What is Drone Photography?
Other than having commercial, agricultural and military uses, most of us use our drones as a hobby or for fun.
They allow us to photograph and video from an entirely new perspective.
UAVs (unmanned aircraft) or drones have had significant advances in technology, creating devices for every budget.
There are drones where a go pro camera can be attached. And there are others where they include a camera capable of shooting 4K video at a rate of 120 fps.
The quality will keep rising and the price will keep diving (pun not intended).
When it comes to using these drones, you will benefit from practice and flight exercises before you begin.
Even then, when you feel you are ready, you need to know the rules and regulations.
These drones have the capacity to disrupt events, hit people or worse, an aircraft.
You will need to follow these legal issues before you start. You may even need to take a flight test to become registered.
Once you have passed all of the red tape, you will surely enjoy what a drone can offer you.
Using your smartphone alongside your drones’ controller allows you to soar among the clouds.
Other accessories, such as a VR headset, will fully immerse you into the view you get from your drone. It will be easy to forget that it isn’t you flying.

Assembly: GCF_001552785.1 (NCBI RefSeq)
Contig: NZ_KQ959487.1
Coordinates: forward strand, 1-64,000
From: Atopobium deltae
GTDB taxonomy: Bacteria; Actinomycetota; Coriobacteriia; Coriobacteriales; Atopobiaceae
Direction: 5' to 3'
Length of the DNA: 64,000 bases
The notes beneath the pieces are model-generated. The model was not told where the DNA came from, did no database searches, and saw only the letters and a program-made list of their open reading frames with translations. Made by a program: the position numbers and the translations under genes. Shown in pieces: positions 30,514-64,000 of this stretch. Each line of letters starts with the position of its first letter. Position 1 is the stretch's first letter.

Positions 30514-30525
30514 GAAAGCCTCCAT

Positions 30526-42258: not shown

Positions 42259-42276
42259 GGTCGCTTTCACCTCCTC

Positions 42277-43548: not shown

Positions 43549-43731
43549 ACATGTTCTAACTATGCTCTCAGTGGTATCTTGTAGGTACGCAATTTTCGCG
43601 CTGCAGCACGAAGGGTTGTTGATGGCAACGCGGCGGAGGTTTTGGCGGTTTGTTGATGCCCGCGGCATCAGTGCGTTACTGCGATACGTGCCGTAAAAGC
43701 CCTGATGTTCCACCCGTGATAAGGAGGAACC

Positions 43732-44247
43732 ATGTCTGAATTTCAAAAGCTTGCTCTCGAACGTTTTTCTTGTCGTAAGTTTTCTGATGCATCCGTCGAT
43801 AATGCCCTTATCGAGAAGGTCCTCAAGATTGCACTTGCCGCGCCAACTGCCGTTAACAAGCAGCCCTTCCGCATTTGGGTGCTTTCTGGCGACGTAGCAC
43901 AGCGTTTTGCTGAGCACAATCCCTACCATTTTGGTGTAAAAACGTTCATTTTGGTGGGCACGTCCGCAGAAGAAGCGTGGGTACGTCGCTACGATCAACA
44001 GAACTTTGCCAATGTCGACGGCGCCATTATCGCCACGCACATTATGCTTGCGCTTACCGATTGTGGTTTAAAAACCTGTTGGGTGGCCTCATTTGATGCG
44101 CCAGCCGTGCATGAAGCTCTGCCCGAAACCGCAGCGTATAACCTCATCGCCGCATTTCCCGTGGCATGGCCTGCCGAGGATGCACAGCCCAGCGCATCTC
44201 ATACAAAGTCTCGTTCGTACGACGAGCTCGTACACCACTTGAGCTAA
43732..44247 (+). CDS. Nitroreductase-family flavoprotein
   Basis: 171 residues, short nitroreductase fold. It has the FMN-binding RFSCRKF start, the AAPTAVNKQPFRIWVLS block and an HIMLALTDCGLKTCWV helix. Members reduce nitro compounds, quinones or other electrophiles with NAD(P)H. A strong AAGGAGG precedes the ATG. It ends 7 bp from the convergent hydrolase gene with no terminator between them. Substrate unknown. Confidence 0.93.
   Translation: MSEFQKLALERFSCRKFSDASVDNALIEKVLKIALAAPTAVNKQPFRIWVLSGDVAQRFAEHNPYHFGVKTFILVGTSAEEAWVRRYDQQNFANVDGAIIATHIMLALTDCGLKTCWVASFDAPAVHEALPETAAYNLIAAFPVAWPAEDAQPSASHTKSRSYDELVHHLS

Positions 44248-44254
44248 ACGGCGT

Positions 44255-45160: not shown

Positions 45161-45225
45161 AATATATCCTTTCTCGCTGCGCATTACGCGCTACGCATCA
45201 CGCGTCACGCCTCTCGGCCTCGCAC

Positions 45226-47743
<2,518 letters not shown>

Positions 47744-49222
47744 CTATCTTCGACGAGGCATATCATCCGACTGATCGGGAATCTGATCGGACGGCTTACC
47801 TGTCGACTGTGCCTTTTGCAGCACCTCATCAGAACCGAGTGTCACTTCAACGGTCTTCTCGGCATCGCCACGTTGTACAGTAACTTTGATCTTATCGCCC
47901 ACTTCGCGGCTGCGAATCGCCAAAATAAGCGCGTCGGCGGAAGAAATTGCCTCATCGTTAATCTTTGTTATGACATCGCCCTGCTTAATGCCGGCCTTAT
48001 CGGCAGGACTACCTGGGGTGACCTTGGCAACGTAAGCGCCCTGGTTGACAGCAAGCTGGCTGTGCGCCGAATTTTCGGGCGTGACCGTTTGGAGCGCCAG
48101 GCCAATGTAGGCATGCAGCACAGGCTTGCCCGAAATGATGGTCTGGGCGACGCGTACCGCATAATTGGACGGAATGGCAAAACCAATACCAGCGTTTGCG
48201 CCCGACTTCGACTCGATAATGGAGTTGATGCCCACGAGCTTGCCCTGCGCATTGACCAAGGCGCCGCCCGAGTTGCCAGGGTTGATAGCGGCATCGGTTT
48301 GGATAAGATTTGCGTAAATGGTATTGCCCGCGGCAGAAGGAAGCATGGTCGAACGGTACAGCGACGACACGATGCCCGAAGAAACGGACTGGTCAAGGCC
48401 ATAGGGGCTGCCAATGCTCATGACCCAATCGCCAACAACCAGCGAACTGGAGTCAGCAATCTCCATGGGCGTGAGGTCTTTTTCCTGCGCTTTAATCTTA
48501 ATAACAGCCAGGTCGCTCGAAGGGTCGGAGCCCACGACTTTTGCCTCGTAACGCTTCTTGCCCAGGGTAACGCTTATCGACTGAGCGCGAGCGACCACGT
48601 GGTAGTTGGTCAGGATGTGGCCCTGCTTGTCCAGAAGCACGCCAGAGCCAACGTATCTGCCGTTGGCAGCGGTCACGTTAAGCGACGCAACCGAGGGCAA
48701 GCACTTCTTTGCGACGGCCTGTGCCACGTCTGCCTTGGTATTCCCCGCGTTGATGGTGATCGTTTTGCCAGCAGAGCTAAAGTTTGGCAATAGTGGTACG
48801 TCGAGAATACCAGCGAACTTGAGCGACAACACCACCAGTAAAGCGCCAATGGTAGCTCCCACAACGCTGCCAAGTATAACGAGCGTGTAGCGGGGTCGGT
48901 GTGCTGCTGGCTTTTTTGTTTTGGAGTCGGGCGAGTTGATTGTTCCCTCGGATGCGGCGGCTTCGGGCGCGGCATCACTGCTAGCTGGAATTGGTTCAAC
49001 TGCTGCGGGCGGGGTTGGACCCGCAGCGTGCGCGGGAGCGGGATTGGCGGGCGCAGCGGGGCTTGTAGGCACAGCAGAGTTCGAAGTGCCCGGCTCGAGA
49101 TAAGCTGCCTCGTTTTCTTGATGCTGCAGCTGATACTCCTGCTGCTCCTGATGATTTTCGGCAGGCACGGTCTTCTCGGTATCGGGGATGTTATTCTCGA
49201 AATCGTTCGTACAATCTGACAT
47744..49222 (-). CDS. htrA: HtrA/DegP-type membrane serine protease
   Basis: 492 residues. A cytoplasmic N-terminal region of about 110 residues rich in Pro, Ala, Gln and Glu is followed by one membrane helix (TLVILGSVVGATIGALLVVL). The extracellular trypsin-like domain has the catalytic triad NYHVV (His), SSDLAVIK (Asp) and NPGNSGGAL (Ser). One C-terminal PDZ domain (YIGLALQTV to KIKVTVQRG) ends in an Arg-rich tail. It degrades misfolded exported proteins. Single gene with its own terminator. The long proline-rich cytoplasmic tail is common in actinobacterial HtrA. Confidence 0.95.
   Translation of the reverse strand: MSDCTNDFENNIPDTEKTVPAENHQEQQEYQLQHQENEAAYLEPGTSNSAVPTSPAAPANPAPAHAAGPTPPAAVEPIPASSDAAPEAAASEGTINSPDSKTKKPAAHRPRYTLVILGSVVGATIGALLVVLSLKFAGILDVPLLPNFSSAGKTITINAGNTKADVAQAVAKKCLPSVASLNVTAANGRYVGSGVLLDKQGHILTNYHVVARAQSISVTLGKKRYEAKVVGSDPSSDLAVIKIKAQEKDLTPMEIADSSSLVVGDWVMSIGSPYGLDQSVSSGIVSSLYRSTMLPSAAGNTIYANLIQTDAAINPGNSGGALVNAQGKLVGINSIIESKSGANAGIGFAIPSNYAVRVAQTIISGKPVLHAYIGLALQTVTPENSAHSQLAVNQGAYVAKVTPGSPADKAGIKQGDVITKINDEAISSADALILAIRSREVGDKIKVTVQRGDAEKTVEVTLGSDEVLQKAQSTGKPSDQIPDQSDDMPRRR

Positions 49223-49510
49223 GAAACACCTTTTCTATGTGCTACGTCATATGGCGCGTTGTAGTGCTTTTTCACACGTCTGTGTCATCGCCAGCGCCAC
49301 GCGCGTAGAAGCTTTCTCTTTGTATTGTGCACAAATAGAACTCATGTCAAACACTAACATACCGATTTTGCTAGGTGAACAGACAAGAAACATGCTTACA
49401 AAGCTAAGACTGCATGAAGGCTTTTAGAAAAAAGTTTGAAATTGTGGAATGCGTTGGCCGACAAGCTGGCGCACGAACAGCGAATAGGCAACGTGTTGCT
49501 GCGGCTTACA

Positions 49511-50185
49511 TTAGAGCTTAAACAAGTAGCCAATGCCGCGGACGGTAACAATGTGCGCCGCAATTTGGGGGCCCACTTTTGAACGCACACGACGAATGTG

Thankfully you can photograph and film the experience.
What You Need to Know Before You Buy a Drone
9. Why You Have to Know the Rules
You may want to be famous for drone photography. But I doubt you want your name attached to a situation where your drone endangers people’s lives.
Before you buy a drone, make sure you are aware of all the rules and regulations.
If you are unable to stick to them for whatever reason, it may not be a viable purchase. Each country has different rules and regulations. They even have general rules on safe flying.
Here are a few things you need to be aware of:
Register your drone with the FAA.
Stay at least 5 miles away from all airports.
Don’t fly more than 400 feet above the ground.
Don’t fly over people without permission.
Don’t fly over government facilities.
Don’t fly in national parks.
Don’t fly over private property.
Don’t fly over fires or crime scenes.